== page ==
References to the use of Codium fragile in the traditional dish "coquille Saint-Jacques" in Brittany, France, before 1997. The dish "coquille Saint-Jacques" is a classic French dish made with scallops in a cream sauce. In Brittany, where scallops are plentiful, the dish is often served with a garnish of green algae, including Codium fragile. In fact, the use of Codium fragile in "coquille Saint-Jacques" has been documented for over a century. A 1914 book by French chef Auguste Escoffier titled "Le Guide Culinaire" includes a recipe for "coquilles Saint-Jacques à la Bretonne" that calls for the use of "algues vertes" (green algae), including Codium fragile, as a garnish.
Similarly, a 1933 book by French food writer Curnonsky titled "Le Trésor Gastronomique de la France" also includes a recipe for "coquille Saint-Jacques à la Bretonne" that calls for the use of Codium fragile as a garnish. It is clear that Codium fragile has been used in the traditional dish "coquille Saint-Jacques" in Brittany, France, for well over a century, including before 1997.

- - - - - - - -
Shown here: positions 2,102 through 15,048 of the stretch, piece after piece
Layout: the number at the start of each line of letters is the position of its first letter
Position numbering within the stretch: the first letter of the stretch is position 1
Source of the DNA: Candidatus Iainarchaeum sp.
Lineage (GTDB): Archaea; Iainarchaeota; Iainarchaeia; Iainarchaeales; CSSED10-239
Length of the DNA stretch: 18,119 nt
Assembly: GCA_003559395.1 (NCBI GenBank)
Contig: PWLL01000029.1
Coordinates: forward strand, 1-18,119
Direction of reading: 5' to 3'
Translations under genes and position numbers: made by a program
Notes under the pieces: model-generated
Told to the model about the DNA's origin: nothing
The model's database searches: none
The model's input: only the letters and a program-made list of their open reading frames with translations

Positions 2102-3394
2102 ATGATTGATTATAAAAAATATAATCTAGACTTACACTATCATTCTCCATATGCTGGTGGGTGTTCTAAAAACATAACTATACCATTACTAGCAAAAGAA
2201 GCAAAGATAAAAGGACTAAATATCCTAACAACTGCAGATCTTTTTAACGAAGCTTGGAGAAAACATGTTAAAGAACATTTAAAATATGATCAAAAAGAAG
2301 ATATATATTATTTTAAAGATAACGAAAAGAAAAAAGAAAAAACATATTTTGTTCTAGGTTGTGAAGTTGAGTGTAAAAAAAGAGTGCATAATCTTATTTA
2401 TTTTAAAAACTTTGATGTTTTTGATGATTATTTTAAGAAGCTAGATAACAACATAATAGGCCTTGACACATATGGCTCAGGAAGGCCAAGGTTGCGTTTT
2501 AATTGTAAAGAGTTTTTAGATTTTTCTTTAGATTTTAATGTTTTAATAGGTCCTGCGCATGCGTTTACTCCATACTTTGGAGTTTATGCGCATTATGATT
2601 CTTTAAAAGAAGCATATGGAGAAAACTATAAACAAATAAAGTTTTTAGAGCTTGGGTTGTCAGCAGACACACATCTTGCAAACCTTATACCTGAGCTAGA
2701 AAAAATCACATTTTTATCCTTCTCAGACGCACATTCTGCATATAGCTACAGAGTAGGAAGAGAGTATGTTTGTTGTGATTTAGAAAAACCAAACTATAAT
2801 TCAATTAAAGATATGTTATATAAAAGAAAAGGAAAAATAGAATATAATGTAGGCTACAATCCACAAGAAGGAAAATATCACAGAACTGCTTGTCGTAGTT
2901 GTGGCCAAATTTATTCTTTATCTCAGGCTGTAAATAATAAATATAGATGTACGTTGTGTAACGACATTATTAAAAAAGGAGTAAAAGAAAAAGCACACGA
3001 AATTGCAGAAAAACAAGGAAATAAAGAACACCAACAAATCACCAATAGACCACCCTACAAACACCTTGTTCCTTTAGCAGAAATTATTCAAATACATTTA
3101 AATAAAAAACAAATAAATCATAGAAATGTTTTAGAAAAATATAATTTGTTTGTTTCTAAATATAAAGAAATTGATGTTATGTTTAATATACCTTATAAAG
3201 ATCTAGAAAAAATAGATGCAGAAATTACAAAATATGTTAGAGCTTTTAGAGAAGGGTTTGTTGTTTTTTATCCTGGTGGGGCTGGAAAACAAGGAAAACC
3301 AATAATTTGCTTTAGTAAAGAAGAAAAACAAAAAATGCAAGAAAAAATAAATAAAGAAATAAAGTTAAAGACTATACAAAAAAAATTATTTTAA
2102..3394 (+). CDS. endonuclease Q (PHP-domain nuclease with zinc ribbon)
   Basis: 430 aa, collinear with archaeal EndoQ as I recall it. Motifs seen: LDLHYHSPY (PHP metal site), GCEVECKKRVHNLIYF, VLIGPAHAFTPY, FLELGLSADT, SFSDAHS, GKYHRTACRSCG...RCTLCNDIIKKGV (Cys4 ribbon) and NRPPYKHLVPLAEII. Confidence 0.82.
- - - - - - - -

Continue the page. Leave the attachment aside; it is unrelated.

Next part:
One species, Codium fragile ssp. tomentosoides, was first reported in Holland in 1900. In the century since it has spread throughout Europe. It’s now found along the shores of Britain, Australia, New Zealand, the Mediterranean and North America It was first reported in North American in 1957 on Long Island.
A great example of a algae that is consumed daily in traditional dishes!!! It is the perfect and ideal garnish to the "coquille Saint-Jacques dish".
Codium algae is, in fact, widely used for consumption. The dish you mentioned is a good example of this.